Philippine President Duterte could receive an injection of the Russian coronavirus vaccine by next May

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Philippine President Rodrigo Duterte delivers a speech at the Malacanang Palace in Manila on June 1, 2017.Noel Celis | AFP | Getty Images

Philippine President Rodrigo Duterte could be injected with the Russian coronavirus vaccine as early as May 2021, according to the official government news wire, which the presidential spokesman quoted on Thursday.Earlier this week, Duterte volunteered to participate in Russian vaccine trials, even as scientists and health experts questioned the drug’s safety and effectiveness.

Russia announced on Tuesday that it had registered the world’s first vaccine against the rapidly spreading coronavirus disease, or Covid-19, after less than two months of clinical trials. Data from these trials have not been published.

The Philippines is one of a handful of countries that will participate in a larger “phase three” trial for the vaccine. The Philippine News Agency, the government’s official news wire, reported that the country intended to start these trials in October.

Phase three trials are considered by medical experts to be essential for any vaccine development and are necessary to rule out any potential side effects. Such trials, which typically randomize those who receive the vaccine and those who don’t, can involve thousands of participants.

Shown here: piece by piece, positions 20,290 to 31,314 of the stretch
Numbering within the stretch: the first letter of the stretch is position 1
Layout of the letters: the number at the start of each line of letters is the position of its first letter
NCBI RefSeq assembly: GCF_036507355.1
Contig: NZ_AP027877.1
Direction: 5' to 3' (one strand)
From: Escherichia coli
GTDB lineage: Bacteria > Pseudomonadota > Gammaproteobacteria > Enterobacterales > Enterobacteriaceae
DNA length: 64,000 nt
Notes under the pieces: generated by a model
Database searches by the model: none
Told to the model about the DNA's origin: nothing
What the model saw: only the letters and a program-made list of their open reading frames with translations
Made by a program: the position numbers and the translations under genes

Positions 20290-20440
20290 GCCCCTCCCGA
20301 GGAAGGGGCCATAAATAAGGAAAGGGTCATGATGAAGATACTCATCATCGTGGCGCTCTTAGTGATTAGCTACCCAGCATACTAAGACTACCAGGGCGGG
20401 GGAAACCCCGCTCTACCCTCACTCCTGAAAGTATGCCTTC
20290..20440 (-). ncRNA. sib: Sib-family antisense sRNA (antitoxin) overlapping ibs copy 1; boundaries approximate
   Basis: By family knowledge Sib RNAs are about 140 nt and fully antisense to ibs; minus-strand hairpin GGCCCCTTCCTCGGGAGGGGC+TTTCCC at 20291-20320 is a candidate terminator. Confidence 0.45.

Last week, the Philippines overtook Indonesia to report the highest number of cumulative coronavirus cases in Southeast Asia, according to data compiled by Johns Hopkins University. As of Thursday afternoon, the country reported 143,749 cases and 2,404 deaths, according to data from Hopkins.

Last month, Duterte pleaded with China to make his country a priority as it develops a vaccine, Reuters reported.

J. Stephen Morrison of the Center for Strategic and International Studies told CNBC “Squawk Box Asia” on Wednesday that it was no surprise that Russian President Vladimir Putin offered the Russian vaccine to Duterte.

Morrison is senior vice president of CSIS and director of the think tank’s Global Health Policy Center.

“Putin is also playing on the concern in low-income and lower-middle-income countries that rich countries are blocking all vaccine supplies from these other big outlets, and that they are going to be left behind. ‘back. of the queue with long, long and very damaging delays, ”he said.

– CNBC’s Berkeley Lovelace Jr. contributed to this report.

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